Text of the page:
The delta variant of Covid-19 is scything through aviation just as key markets were getting back on their feet.
In the U.S., Southwest Airlines Co. is blaming the delta strain for a rash of canceled bookings and a slowdown in demand that may push it and several others to quarterly losses. After leading the industry’s recovery for much of last year, China is in retreat with airlines offering the fewest seats in six months as authorities attempt to stamp out an outbreak. Australia’s carriers are also in reverse with more than half of the country in lockdown.
“There is every chance the delta variant will dampen any recovery,” said John Grant, chief analyst with OAG. If there is progress, it will be “stop-start” as outbreaks make governments nervous about opening borders, he said.
A rare bright spot is Europe, the only place where so-called vaccine passports are widely used. The continent was an aviation laggard for most of 2020 as it floundered under infection waves, but airlines such as Ryanair Holdings Plc are now capitalizing on high inoculation rates and providing more flights.
Here’s how the highly-contagious delta variant has affected major markets:
Hopes are fading that a summer recovery, where passenger traffic reached 80% of pre-pandemic levels, will extend into the fall as a surge in infections spooks travelers and investors. The Bloomberg Americas Airlines Index last week tumbled 5.6% to its lowest level since February.
Southwest warned on Aug. 11 of a slowdown in bookings and rising cancellations, and said it will be difficult to replicate July’s profit over this quarter. Low-cost airline Frontier Group Holdings Inc. and Spirit Airlines Inc. have also said they may report losses for the three months through September.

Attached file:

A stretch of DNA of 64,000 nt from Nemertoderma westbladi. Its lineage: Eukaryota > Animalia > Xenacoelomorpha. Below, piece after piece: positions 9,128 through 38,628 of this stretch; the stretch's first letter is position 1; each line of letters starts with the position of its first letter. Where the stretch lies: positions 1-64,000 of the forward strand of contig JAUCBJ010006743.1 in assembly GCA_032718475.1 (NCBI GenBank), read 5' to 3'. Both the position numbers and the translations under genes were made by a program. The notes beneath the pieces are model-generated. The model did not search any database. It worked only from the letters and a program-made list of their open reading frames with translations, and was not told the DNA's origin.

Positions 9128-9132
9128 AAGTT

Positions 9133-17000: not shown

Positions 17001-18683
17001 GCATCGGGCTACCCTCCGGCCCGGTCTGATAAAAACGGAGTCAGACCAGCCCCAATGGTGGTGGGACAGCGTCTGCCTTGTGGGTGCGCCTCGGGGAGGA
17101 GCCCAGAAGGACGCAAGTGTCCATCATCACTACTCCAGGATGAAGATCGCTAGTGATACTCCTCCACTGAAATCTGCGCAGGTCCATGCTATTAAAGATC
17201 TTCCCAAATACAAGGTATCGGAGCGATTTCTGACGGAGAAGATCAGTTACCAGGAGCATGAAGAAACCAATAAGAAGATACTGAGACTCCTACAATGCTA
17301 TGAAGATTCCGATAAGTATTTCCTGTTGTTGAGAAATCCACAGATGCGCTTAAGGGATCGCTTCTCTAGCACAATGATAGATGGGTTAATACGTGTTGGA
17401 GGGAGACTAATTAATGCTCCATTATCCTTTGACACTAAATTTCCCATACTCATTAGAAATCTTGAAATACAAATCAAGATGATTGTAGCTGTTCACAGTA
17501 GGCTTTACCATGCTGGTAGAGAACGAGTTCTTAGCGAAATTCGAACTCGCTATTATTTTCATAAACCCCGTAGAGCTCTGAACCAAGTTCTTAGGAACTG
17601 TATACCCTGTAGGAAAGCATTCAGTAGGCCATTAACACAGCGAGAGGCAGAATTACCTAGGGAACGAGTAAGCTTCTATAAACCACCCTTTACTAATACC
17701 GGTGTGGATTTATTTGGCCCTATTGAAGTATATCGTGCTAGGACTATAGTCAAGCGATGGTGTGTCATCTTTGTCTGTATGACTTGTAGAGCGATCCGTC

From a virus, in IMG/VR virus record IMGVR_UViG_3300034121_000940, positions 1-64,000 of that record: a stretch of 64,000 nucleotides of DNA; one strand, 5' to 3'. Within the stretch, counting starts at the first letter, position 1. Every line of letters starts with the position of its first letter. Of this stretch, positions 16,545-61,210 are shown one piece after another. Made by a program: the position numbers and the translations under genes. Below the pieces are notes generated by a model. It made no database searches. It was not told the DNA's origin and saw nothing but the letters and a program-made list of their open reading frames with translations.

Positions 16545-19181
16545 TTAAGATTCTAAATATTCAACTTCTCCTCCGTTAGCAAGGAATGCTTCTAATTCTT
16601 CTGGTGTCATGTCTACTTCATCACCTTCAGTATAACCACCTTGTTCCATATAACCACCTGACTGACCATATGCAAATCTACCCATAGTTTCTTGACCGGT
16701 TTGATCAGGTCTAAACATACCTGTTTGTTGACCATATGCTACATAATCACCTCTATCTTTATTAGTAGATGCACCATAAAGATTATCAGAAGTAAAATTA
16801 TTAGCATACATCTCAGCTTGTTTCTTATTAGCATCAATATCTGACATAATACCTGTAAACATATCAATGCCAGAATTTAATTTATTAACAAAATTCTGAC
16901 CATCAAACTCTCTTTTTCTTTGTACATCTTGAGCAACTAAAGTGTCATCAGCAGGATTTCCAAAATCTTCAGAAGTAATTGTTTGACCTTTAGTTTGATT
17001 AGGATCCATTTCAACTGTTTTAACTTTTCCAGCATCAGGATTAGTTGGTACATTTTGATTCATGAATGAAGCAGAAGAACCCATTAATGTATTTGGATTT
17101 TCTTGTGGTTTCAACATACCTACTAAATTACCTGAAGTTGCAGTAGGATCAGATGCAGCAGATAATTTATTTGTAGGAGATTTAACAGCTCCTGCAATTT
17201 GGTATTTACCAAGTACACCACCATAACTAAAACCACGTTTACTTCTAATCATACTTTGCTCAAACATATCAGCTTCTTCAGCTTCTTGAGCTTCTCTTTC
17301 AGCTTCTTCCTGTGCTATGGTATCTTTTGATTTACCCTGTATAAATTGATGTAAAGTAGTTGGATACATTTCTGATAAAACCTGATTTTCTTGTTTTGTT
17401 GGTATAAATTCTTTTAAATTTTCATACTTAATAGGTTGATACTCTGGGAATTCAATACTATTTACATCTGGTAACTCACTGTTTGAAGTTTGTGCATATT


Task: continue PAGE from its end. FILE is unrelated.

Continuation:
The delta variant is putting the brakes on corporate demand, too. Office reopening delays of up to 90 days are causing “a bit of a pause” in the recovery of domestic business travel, Delta Air Lines Inc. Chief Executive Officer Ed Bastian said in an interview with Fox Television on Aug. 9. The carrier is close to 50% of 2019 level for business travelers.
Chinese airlines plan to operate 360,509 flights in August, the fewest since February, according to data from Cirium, which tracks air traffic. That follows the country’s latest Covid eradication campaign, which included traffic shutdowns at airports in places such as Nanjing, Beijing and Yangzhou. On Monday, China reported zero local transmissions, a promising sign that its slump in travel will be short-lived.
In an interview with Bloomberg Television on Monday, Hong Kong Commerce Secretary Edward Yau said Covid must be kept at bay before borders can fully reopen. The tight controls are piling pressure on the city’s Cathay Pacific Airways Ltd., which has suffered without a domestic market.
“It is extremely difficult to plan and operate with the constantly changing environment,” Cathay Chairman Patrick Healy said on Aug. 11, when the carrier reported a HK$7.6 billion ($976 million) first-half loss.
Freer borders and looser quarantine requirements are helping fill planes in Europe during the peak summer season, when carriers bring in revenue to see them through the winter months. Regional airline capacity is now about two-thirds of 2019 levels, compared with roughly a third as recently as April.
Discount airline Ryanair expects to post a profit this quarter and is opening 250 new routes for winter to keep the momentum going. Rival Wizz Air Holdings Plc sees capacity returning to pre-Covid levels this month, a feat few carriers anywhere have achieved.
Deutsche Lufthansa AG said in early August that North American routes could open up from late summer, with Asia following from the end of 2021. Air France-KLM has predicted a return to profit this quarter, when capacity will reach as much as 70% of normal levels.
Australia and New Zealand
A spiraling delta outbreak has thrust Qantas Airways Ltd.’s recovery into reverse. New South Wales and Victoria, Australia’s two most populous states, are in lockdown as authorities rush to accelerate a sluggish vaccination program. The prolonged clampdown — Sydney’s late-June lockdown runs until at least the end of September — has forced Qantas to furlough an additional 2,500 workers, taking the total to 9,500. Qantas’s domestic flying in July fell from 90% of pre-pandemic levels to less than 40%.
Air New Zealand Ltd. is running a skeleton schedule of services after a nationwide lockdown was extended until Aug. 27. The restrictions follow the country’s first community Covid-19 case since February. New Zealand reported 35 cases Monday, taking the current outbreak to 107.